Google Quantum AI Lab’s John Martinis
(GigaBitMagazine) Last week, a document posted to (and then immediately withdrawn from) NASA’s website revealed that a team of Google researchers at the tech giant’s Quantum Artificial Intelligence Lab had reached a significant milestone: demonstrating “Quantum Supremacy.”
In this article, Gigabit takes a look at the engineer who reportedly led the team that demonstrated quantum supremacy: John M. Martinis.
An alumnus of the University of California, Berkeley, Martinis has been involved in the developing frontier of quantum computing, working for the NIST, where he was involved in understanding the basic physics of the Coulomb Blockade, and worked to use this phenomenon to make a new fundamental electrical standard based on counting electrons. Since 2002, his research effort has focused on building a quantum computer using Josephson junctions – the subject of his PhD.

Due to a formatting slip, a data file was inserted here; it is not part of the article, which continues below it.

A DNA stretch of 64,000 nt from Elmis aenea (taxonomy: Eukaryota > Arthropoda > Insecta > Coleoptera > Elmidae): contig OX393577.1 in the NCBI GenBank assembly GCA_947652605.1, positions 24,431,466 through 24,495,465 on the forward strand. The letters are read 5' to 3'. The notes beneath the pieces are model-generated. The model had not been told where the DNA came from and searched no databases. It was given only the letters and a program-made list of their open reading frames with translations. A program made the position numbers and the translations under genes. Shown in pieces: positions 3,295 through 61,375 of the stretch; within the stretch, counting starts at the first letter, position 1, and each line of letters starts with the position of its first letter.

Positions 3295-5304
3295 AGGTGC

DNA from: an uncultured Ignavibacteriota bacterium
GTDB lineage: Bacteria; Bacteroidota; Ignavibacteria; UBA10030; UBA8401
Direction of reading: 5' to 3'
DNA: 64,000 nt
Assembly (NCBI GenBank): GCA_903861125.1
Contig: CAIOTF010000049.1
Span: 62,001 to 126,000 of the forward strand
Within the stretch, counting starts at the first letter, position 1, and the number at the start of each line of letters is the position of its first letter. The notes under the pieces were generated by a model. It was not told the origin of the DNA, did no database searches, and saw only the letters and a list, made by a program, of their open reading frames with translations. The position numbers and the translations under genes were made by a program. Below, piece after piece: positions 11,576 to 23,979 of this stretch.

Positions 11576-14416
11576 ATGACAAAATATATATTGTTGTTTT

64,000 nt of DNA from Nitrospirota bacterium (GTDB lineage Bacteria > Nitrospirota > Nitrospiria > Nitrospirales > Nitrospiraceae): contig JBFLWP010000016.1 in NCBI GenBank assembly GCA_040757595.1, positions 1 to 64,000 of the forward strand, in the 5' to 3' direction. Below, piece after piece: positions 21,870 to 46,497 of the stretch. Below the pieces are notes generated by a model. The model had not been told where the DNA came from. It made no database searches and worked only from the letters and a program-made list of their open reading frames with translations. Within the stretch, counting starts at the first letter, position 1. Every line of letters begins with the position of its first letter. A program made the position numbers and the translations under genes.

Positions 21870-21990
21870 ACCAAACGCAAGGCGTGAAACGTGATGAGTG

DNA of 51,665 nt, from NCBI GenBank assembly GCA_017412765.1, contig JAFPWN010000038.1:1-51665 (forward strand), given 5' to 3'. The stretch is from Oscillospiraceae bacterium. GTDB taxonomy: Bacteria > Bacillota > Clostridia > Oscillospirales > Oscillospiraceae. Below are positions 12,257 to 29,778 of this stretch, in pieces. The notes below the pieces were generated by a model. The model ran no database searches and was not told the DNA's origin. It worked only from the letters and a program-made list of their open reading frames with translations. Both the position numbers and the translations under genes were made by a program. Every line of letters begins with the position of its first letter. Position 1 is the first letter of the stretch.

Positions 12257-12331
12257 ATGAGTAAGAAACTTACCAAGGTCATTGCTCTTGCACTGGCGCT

In 2010, he was awarded with collaborator Andrew Cleland the “Science breakthrough of the year” for the first demonstration of the quantum ground state in a mechanical oscillator system. In 2014 he was awarded the London Prize for low-temperature physics research on superconducting quantum bits. Dr. Martinis was a NIST Fellow, and is a Fellow of the American Physical Society. At the University of California, Santa Barbara he currently holds the Wooster Chair in experimental physics. In 2014 he was awarded the London Prize for his pioneering work on superconducting qubits. In 2014, Dr. Martinis joined Google to head up their quantum-hardware effort. The aim of this research is to build the first useful quantum computer,” explains his Google bio.